Here are some of the most interesting things I gleaned from the list. The percentages below represent how often the SSID shows up in the total list of SSID names survey, not just the top 1000 SSID’s.

  1. No name, or a hidden name, is really popular. Over 2.3% of the SSID’s examined had no name, a hidden name, or something similar.
  2. Routers that come with a predefined network are popular. AT&T’s Uverse routers are a good example and come with a pre-defined wireless network that includes a name like “2WIRE199”.
  3. Netgear also sells routers that come with predefined network names. “NETGEAR00” through “NETGEAR99” are all names that make it into the top 1000.
  4. “default” (0.6%) and “home” (0.3%) are used quite commonly
  5. Hotels, such as “Marriott_Guest” (0.01%), “Hyatt” (0.01%), “hhonors” (0.06%), and “laQuinta” (0.01%) make the top 1000.
  6. Among SSID’s named after people, “Alex”, “David”, “Mike”, and “John” lead the way.
  7. My personal favorites from the top 1000: “pretty fly for a wifi”, “skynet”. “boobs” was not in the top 1000, sadly.

Why You Shouldn’t Be Using a Common SSID

If I can find a list of the 1000 most commonly used network names then I know that the bad guys can too. Most of the time people allow network names to be broadcasted from the router, but a higher-security option is to not broadcast the name and require that users connecting be able to specify the network’s name and key. If you don’t broadcast your SSID then you certainly wouldn’t want to compromise that bit of security by using a frequently used SSID.

Now, let’s talk about Uverse for a second. People know how Uverse routers are setup generally. They know the number of characters in the network key and the character-set. Knowing these details makes it fairly easy to brute-force guess the network key. I believe that Uverse routers use only numeric characters in the network key… how much simpler could it get? If you use Uverse at home then you should immediately change your SSID and network key away from the defaults. It’s not hard to do and will greatly increase your security at home.

Photo Credit: woodleywonderworks via Compfight cc

Looking Under the Hood of Privacy Statements

Privacy Statements

Do you remember how it felt the first time you bought a car? Do you recall the excitement of just looking? Do you remember when you first saw the one you just had to have? You loved the color. You loved the style. You loved the interior. And you especially loved the audio system!

If you are a parent, you probably don’t get that excited any more … about cars that is. The truth is that you almost certainly do feel that same way when you see something new from the field of technology, whether it is the latest in computers, mobile devices, or TVs. We can’t stand the idea of not having the latest-greatest-up-to-datest device or deal, even though it will be virtually obsolete before we get it home. Now do you remember the feeling? Of course you do. It’s just directed at different objects than it was before.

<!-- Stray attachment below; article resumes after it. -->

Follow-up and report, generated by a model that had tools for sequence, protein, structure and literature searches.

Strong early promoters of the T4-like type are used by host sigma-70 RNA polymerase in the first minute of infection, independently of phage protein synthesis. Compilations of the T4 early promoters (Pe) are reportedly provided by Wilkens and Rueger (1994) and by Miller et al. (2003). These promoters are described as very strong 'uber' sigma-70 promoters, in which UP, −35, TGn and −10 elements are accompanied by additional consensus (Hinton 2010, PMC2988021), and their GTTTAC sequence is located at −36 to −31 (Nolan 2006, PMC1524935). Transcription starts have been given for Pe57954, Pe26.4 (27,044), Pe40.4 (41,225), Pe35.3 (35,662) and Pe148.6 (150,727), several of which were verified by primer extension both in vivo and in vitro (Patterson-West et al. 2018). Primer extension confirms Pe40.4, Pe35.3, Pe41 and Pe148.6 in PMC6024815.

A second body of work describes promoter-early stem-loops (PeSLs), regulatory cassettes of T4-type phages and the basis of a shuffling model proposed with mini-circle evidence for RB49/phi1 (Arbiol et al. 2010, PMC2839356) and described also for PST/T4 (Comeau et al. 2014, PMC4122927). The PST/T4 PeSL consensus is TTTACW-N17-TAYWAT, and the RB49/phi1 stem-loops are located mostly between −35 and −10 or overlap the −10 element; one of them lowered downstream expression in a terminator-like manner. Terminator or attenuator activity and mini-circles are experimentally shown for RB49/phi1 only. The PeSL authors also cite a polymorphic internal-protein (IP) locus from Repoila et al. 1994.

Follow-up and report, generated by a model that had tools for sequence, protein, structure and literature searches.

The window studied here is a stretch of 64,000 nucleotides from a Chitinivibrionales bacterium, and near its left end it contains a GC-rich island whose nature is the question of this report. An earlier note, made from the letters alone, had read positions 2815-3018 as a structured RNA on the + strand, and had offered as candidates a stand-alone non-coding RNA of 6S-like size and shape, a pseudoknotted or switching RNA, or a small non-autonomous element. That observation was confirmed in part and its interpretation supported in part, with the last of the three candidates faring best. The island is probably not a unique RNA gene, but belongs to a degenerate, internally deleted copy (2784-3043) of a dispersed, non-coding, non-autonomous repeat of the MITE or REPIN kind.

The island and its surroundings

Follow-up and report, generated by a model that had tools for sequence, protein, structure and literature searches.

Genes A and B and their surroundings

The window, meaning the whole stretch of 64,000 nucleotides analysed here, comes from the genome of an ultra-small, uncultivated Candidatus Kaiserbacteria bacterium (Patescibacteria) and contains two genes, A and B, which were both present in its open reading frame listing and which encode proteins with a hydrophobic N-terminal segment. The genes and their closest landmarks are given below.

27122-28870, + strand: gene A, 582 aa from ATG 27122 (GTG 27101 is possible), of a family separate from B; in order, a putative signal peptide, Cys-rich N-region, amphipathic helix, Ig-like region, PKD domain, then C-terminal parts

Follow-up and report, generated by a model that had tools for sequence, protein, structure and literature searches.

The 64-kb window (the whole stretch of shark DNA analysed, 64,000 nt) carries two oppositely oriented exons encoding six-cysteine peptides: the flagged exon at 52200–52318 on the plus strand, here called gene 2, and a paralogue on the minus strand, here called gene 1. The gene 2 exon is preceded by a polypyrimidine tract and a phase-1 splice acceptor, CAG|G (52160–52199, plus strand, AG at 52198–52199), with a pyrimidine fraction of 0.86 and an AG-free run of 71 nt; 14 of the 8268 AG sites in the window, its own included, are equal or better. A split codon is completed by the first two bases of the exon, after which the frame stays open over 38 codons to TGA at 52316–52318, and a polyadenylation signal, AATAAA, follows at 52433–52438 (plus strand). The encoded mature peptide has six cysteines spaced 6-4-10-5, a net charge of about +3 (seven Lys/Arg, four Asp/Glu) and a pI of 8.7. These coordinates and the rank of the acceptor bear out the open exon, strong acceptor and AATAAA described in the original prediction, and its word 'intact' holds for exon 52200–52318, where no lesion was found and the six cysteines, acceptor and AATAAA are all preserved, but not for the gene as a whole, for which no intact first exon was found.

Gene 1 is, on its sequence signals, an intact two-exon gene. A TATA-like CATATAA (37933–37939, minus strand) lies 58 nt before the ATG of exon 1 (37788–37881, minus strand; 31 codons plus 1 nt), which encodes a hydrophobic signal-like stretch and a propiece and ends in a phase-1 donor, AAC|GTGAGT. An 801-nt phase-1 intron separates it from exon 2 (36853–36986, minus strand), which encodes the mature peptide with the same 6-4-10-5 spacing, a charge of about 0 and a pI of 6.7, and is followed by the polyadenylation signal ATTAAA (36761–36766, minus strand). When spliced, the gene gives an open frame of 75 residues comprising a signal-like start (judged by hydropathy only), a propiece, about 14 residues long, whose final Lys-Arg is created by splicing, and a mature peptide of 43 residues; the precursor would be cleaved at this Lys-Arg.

Now that you recall the feeling, do you also recall what your father said to you while you were in your original automobile ecstasy? I remember it as clear as if it were yesterday: “Don’t forget to look under the hood.” Not that I knew what I was looking at, but it sure did scare some salesmen. The practice also kept me from buying cars that I would have been a sucker for otherwise.

If you thought that this article was about internet security, you are right. I’m here to warn you to take heed to your father’s advice – “Don’t forget to look under the hood.”

With the proliferation of mobile devices, smartphones and smart TVs, and “the cloud,” our senses are being flooded with a plethora of things that we think we need because they provide more entertainment experiences, connectivity, and ability to do things like we have never been able to do before. But what do we know about how all this new technology is invading our privacy? Better look under the hood.

Asking a vendor about security, whether you are about to buy a product or a service, will always get you exactly the same thing that every waitress tells you when you ask if the restaurant makes a good hamburger: “It’s awesome!” Unfortunately, the waitress sometimes can’t tell hamburger from humbug. Did you really expect her to say, “Not so good?”

Visit any internet service site and you will see a statement that says that they would like to collect your user information in order to serve you better. You start to wonder if that could be a problem, but the site directs you to their privacy statement, and now you feel comfortable. That’s about as useful as the car salesman offering to throw in a set of floor mats. And, oh, by the way, if you are buying a product or service in person and you ask about the privacy and security of your personal information, what do you think they’re going to tell you? You are talking to a SALES person, not an internet security specialist!

Do you really believe that your information is safe in a cloud that you can’t even see? That is accessible by everyone else on the planet, including some rather nefarious individuals and the NSA? You may even think that GPS is pretty cool. I personally don’t want to have everyplace I go and everything I do, physical or cyber, tracked and saved for future information. Do you really want strangers to know your purchasing habits or viewing choices? Or your children’s? Think of the Security Policy statement as the hood. Lift it up. Examine what it really says, and think about what this latest-greatest thing has the potential to expose about your personal life and your family’s personal life, to anyone with a corrupt mind and a keyboard. Know what you are really getting into. The life and the identity you save may be your own. Or your family’s.